What to know about the latest Scrum Guide
Many myths and misconceptions surround Agile, Scrum and the latest Scrum Guide.
For those who are new to Scrum and want to learn more about the framework, here are 10 interesting facts that will help you better understand the Scrum fundamentals — and maybe surprise you.
- Scrum predates Agile by at least 5 years.
- Scrum is not a process, nor is it a methodology.
- The latest Scrum Guide defines only 3 roles or accountabilities.
- Scrum is not just for software development.
- Scrum and Kanban can be used together.
- The maximum size of a Scrum team is capped at 10.
- The 2020 Scrum Guide was written by two people.
- Only the product owner can cancel a sprint.
- The word Agile never appears once in the latest Scrum Guide.
- The 2020 Scrum Guide is only 13 pages long.
Scrum predates Agile
The Agile Manifesto was signed in 2001.
Ken Schwaber and Jeff Sutherland first publicly introduced Scrum to the world at an OOPSLA Conference in 1995.
Scrum predates Agile by over five years.
Scrum is not a process
Scrum describes itself as a lightweight framework.
Scrum should not be described as a process, nor should it be described as a methodology. Practitioners work hard to make this distinction, and emphasize that Scrum is not a user manual that describes every step in an end-to-end development process.
Instead, Scrum describes itself as being ‘purposefully incomplete.’ Its intent is to guide product development, not prescriptively describe it.
That’s why the framework’s defining document is called the Scrum Guide, and not the Scrum Instruction Manual.
Scrum defines 3 accountabilities
It is often said that Scrum defines three roles.
That’s technically untrue, because the latest Scrum Guide doesn’t define any roles at all. The word ‘role’ doesn’t appear even once in the guide.
Instead, the Scrum Guide uses the term accountability, and there are three roles for it:
- the Scrum Master
- the product owner
- the developers
There is no mention in the 2022 Scrum Guide of testers, project managers, business analysts or anything else. How people in these roles might participate in a Sprint or Scrum is a low-level detail that falls outside of the scope of the Scrum Guide.
Scrum is not just for software development
Scrums stated objective is to help teams and organizations “generate value through adaptive solutions for complex problems.”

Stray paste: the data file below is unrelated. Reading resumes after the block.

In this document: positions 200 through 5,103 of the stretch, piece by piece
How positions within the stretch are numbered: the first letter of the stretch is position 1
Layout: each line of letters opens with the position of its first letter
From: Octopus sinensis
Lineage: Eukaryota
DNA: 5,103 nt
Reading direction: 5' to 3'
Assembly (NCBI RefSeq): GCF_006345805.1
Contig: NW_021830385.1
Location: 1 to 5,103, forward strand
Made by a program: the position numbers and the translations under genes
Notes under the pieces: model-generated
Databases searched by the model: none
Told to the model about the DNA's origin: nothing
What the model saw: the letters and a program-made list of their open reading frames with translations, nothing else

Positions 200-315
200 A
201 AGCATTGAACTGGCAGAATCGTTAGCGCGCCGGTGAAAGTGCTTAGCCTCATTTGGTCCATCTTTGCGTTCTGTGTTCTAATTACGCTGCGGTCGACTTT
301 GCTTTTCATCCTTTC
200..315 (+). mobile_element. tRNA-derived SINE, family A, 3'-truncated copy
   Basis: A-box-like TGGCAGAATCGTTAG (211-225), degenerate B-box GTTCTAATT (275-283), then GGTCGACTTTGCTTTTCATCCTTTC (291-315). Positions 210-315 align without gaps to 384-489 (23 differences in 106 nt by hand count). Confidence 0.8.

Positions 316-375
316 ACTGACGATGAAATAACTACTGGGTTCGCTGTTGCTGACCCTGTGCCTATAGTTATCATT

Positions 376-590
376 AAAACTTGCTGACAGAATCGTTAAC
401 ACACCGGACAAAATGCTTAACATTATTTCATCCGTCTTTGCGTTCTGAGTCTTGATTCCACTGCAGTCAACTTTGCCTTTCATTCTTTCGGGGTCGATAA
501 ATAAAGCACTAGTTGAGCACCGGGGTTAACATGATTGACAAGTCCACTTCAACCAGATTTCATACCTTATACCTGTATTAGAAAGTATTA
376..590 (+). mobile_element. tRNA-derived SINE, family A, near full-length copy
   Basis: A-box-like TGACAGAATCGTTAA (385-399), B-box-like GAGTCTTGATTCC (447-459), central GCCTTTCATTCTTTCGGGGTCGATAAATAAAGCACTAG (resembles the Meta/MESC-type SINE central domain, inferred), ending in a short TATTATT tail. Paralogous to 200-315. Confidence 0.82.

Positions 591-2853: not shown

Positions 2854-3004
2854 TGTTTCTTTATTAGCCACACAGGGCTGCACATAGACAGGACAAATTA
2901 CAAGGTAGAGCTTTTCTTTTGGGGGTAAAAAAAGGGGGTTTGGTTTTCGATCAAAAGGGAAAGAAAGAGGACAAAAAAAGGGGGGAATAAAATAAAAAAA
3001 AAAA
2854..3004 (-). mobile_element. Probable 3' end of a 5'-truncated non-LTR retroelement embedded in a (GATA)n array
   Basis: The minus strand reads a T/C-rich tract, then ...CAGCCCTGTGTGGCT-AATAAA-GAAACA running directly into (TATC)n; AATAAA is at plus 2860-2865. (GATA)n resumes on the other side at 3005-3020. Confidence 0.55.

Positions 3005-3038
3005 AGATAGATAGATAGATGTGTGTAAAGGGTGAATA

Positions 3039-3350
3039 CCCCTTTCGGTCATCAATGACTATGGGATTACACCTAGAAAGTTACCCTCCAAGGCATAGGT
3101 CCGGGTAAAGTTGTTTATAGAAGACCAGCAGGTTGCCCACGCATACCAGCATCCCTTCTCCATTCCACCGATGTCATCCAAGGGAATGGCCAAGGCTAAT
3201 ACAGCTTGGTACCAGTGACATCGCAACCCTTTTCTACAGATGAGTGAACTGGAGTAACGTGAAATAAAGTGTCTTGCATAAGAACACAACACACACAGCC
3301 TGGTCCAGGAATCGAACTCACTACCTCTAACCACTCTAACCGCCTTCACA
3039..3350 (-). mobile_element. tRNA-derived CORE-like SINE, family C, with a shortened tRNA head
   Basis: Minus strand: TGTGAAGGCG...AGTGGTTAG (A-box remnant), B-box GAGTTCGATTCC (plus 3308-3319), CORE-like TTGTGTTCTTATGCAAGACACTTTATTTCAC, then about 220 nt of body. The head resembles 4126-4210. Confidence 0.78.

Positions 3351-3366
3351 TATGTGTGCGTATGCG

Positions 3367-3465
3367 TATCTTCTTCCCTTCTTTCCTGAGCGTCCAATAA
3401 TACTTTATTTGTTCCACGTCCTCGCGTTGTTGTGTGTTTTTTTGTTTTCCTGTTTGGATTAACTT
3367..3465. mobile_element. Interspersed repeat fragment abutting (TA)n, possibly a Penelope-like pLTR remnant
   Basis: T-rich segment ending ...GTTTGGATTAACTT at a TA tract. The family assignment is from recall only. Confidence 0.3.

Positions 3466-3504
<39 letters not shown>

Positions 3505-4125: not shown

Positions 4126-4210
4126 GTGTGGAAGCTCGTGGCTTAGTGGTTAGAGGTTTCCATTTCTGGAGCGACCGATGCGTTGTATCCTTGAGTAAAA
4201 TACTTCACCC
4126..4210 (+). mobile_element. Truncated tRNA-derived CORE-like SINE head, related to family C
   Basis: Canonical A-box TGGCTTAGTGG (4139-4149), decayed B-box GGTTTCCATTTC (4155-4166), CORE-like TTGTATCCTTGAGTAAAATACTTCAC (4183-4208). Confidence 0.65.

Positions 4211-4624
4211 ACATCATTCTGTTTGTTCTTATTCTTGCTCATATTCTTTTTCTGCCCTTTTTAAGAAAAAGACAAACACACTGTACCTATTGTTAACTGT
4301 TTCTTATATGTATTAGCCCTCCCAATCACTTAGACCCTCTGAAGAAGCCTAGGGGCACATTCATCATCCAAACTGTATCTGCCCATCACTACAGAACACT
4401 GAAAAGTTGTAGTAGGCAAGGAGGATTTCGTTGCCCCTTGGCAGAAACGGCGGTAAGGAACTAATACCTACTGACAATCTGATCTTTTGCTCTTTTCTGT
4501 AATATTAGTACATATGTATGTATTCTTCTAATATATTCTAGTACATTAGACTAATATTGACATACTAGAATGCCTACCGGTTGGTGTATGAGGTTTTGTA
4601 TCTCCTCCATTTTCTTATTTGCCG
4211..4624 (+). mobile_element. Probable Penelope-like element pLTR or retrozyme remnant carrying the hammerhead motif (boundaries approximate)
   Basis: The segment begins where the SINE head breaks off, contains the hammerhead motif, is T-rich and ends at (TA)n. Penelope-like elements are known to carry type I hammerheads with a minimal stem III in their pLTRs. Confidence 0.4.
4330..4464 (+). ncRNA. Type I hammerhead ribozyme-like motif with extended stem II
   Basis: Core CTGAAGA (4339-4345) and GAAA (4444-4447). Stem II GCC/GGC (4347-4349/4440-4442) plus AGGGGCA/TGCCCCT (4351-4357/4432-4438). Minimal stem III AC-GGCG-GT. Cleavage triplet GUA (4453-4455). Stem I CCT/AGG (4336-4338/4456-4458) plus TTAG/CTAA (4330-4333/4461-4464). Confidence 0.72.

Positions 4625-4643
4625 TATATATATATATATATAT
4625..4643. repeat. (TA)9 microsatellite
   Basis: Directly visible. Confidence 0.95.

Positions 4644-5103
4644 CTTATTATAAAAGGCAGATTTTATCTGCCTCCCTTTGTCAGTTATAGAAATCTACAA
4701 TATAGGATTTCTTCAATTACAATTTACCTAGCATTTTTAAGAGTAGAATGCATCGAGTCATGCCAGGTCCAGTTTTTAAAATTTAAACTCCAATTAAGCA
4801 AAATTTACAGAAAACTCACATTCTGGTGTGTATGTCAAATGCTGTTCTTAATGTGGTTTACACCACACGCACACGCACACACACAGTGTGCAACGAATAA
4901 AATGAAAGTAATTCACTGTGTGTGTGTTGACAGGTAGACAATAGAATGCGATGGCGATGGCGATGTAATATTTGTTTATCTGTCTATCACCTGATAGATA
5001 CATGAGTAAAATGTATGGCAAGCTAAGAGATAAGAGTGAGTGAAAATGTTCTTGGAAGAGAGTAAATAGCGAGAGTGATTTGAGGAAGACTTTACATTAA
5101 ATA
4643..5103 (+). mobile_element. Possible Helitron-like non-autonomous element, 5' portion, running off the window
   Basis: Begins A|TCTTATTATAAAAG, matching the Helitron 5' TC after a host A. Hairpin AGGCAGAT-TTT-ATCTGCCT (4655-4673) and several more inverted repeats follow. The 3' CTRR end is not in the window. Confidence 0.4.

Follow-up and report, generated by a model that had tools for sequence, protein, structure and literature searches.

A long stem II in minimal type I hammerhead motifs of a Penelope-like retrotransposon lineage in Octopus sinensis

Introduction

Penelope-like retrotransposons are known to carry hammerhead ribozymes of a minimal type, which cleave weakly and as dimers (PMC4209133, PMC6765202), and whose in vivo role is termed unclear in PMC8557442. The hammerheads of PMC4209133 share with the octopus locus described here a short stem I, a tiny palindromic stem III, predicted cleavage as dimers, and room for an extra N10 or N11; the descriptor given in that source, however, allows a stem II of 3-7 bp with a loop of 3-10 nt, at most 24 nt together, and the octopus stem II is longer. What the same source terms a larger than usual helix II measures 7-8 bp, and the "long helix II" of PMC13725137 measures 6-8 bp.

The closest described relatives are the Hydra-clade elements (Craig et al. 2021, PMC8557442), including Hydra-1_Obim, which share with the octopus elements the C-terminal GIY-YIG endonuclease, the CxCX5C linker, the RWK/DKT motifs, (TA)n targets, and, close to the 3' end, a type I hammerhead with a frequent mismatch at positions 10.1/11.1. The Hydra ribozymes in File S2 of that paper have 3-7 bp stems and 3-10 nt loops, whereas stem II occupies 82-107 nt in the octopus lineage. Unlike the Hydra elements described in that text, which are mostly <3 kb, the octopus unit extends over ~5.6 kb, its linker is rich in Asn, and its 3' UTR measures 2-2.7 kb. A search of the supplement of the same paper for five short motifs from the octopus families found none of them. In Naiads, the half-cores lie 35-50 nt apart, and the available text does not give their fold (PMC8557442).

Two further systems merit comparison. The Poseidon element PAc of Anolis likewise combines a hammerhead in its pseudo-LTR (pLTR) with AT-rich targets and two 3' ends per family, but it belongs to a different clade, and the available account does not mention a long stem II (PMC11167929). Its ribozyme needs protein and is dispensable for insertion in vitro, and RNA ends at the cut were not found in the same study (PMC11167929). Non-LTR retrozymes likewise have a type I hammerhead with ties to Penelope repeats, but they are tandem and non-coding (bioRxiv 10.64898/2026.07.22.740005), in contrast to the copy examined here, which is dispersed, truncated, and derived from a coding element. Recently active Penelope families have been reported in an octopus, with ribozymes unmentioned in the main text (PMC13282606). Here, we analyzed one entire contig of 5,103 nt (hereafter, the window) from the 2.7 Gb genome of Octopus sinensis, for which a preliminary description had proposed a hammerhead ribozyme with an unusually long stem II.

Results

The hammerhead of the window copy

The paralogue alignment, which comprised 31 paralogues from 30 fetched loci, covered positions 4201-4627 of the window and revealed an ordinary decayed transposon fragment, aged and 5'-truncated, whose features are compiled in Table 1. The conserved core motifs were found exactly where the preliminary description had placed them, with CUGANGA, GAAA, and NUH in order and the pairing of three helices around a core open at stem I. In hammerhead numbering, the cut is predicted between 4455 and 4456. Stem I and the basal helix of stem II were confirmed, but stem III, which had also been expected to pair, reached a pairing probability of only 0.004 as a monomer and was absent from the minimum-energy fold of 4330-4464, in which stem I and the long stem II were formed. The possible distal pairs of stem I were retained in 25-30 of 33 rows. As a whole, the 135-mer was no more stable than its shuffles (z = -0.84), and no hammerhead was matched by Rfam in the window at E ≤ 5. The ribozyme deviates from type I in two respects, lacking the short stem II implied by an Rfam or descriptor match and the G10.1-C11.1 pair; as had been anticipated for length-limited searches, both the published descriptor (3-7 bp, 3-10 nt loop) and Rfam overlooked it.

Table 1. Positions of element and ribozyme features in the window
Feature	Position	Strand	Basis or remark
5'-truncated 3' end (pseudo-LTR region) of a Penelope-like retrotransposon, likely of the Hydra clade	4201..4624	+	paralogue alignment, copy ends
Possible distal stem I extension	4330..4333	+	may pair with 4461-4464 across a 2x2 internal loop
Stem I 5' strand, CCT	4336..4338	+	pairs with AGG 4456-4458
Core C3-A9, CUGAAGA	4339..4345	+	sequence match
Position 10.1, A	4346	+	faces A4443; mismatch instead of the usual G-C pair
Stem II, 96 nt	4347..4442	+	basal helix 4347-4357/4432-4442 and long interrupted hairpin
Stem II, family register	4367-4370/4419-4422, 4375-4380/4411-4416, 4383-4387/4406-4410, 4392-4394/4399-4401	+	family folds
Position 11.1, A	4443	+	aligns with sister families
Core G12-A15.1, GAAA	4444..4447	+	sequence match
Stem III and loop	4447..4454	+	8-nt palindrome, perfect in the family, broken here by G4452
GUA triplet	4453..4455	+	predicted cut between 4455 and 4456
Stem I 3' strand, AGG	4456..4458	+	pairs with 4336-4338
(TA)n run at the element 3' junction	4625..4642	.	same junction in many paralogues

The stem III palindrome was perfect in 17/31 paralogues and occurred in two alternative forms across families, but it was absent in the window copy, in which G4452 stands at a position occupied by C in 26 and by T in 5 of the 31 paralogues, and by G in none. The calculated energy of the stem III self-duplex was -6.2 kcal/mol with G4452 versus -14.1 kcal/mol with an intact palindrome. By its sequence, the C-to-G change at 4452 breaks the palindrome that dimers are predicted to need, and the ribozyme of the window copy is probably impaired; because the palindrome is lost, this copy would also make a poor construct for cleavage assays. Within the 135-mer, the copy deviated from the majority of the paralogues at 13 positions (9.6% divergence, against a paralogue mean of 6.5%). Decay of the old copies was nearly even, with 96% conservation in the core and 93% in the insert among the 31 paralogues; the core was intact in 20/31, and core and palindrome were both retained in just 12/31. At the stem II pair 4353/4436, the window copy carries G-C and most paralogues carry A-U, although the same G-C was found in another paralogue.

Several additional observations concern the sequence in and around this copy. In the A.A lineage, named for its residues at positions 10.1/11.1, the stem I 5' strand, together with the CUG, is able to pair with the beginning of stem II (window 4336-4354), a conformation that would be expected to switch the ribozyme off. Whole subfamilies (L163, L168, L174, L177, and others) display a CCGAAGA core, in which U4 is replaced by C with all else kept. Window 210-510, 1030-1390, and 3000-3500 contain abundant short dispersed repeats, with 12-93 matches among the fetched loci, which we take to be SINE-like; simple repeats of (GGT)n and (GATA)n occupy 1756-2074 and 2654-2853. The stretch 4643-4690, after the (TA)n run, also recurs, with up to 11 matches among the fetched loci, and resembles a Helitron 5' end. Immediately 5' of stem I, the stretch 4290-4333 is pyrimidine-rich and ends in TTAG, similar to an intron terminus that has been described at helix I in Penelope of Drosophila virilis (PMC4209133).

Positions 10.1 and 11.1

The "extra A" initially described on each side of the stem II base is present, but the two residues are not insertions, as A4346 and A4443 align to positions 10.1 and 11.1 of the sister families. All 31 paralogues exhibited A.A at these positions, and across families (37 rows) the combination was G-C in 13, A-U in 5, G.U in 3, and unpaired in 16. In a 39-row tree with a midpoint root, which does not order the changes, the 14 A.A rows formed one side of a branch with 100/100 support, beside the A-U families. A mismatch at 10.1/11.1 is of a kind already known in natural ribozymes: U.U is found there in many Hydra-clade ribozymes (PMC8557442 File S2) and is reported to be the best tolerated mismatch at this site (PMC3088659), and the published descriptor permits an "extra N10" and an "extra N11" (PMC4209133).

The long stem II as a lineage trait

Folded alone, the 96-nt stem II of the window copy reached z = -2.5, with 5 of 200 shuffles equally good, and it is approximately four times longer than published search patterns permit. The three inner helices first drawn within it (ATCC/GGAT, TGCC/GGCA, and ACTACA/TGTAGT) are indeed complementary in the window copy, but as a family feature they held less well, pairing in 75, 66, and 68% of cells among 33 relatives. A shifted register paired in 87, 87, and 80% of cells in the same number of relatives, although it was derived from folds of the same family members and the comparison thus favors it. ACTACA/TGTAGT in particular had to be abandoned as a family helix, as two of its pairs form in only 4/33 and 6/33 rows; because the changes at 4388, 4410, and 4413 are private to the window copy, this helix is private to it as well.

The 2020 Scrum Guide provides a framework to help teams solve any type of problem. That includes domains outside of the world of software development, from engineering to construction to planning a mission to Mars.
Scrum teams are capped at 10
Scrum is intended for use by small, highly motivated teams that highly prioritize continuous delivery of software to their clients.
The size of a Scrum team is capped at 10 people, and that includes the Scrum Master and product owner.
Only two people wrote the latest Scrum Guide
The 2020 Scrum Guide has only two credited authors: Ken Schwaber and Jeff Sutherland.
These two product development pioneers are still active in the Scrum community. They both collaborated on the latest Scrum Guide update, and Ken Schwaber still participates in Scrum training sessions around the world.
Scrum and Kanban work together
Many people think that you have to choose between Scrum and Kanban, but that’s incorrect. The two actually complement each other.
Scrum.org actually has an official Kanban Guide for Scrum Teams, developed by leaders in the Scrum and Kanban community.
When you combine Scrum events and accountabilities with Kanban’s visual work-in-progress system, the result is a very powerful software development strategy.
Only the product owner can cancel a sprint
Some think the Scrum Guide ascribes a great deal of power to the Scrum Master, but that’s simply not the case. The Scrum Master is largely a coach and facilitator.
Neither the developers nor the Scrum Master can cancel a Sprint, no matter how badly things go.
Only the product owner can cancel a sprint.
The word ‘Agile’ never appears in the 2020 Scrum Guide
Many consider Scrum to be an Agile methodology. One would think the latest Scrum Guide would make some type of reference to the Agile Manifesto or the four Agile values, but it doesn’t.
The Scrum values are certainly in line with the 12 Agile principles, and people who do Scrum always embrace an Agile mindset.
But there is no explicit connection between Agile and Scrum stated anywhere in the 2022 Scrum Guide. The word ‘Agile’ doesn’t even appear in it once.
The latest Scrum Guide is short
The 2022 Scrum Guide is only 13 pages long, and contains less than 5,000 words. That includes the cover page, table of contents and the copyright pages.
To put the length of the Scrum Guide into perspective, this brief review of Scrum fundamentals has over 700 words.
You could easily read the latest Scrum Guide from cover to cover in your lunch hour, and still have time to read a TechTarget article or two.
And you really should read it. It will greatly improve your understanding of the fundamentals of the Scrum framework.